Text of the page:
In his film score for "Of Mice and Men" (1939) and consequently in his collection "Music for the Movies" (1942), American composer Aaron Copland titled a section of the score "Threshing Machines," to suit a scene in the Lewis Milestone film where Curley is threatening Slim over giving May a puppy, when many of the itinerant worker men are standing around or working on threshers.

Northampton, MA-based indie rock band Winterpills have a song on their 2005 debut album Winterpills called Threshing Machine. It is not about agricultural machinery.


John


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Subject: RE: Lyr Req: Thrashing Machine: 'I knew a farmer...'
From: Georgiansilver
Date: 23 Feb 12 - 05:34 AM

The one we used to sing on the rugby coach was very similar :-

I knew an old farmer, I knew him well,
He had a young daughter and her name was Nell
Nell was so pretty but only sixteen,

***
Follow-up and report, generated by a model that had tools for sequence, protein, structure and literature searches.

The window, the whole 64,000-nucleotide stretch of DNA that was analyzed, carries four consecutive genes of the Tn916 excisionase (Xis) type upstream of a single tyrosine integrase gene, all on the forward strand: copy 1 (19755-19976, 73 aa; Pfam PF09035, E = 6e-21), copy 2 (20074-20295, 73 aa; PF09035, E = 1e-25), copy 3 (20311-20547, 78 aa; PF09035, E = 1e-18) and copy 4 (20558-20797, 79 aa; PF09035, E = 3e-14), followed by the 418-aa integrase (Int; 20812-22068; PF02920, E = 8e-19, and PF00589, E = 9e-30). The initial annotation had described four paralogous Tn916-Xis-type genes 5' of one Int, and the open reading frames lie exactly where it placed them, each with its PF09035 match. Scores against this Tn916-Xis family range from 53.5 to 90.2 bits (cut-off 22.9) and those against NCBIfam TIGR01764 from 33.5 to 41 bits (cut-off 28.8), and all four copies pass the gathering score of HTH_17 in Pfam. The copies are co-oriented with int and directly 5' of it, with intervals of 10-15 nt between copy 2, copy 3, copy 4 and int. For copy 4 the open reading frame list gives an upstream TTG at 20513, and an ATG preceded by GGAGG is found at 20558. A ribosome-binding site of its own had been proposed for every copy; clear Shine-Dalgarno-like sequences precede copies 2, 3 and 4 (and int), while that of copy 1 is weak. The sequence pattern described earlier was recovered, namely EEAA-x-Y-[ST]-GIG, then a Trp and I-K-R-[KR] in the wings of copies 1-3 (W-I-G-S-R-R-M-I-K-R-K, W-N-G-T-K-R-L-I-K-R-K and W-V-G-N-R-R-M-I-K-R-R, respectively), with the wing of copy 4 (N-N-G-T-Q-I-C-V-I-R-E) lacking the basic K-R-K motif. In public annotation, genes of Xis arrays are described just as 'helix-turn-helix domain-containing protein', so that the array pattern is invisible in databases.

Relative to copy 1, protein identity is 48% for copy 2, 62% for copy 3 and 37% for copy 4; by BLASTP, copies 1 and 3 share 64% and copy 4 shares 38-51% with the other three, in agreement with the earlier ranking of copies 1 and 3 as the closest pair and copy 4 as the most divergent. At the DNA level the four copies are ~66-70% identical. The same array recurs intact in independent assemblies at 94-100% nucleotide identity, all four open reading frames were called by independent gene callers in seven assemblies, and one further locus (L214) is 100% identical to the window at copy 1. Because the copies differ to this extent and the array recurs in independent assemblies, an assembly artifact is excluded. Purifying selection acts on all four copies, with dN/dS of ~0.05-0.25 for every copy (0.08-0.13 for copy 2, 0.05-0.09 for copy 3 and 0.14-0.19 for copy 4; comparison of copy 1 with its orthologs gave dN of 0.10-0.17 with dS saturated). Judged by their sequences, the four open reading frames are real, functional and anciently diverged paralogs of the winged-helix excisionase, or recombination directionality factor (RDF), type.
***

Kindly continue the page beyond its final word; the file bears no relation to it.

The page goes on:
When I showed her the works of my thrashing machine.

We found us a barn and we went us inside,
And there in the corner some straw we espied.
Nell worked the throttle and I worked the steam,
as I showed her the works of my thrashing machine.

Six months has gone past and all is not well,
For something has happened to our little Nell.
And under her apron can clearly be seen,
The dirty old works of my thrashing machine.

Nine months has gone past, and all is now well
A baby is born to our Nell.
And under his nappy can clearly be seen,
a brand new two cylinder thrashing machine.

And of course the chorus between each verse similar to that outlined above!
I 'ad 'er I 'ad 'er. I 'ad 'er I aye!
I 'ad 'er I 'ad 'er. I 'ad 'er I aye!
Then repeating the last two lines of each verse....


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Subject: RE: Lyr Req: Thrashing Machine: 'I knew a farmer...'
From: Lighter
Date: 23 Feb 12 - 09:22 AM

IIRC, there's a 19th Century broadside in the Bodleian that's pretty much the same as Annie O'Neill's version and not massively different from the rugby version.


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Subject: RE: Lyr Req: Thrashing Machine: 'I knew a farmer...'
From: EBarnacle
Date: 23 Feb 12 - 09:51 PM

I've been singing a version of this song for more than 40 years:

Away down in Somerset, or so I hear tell,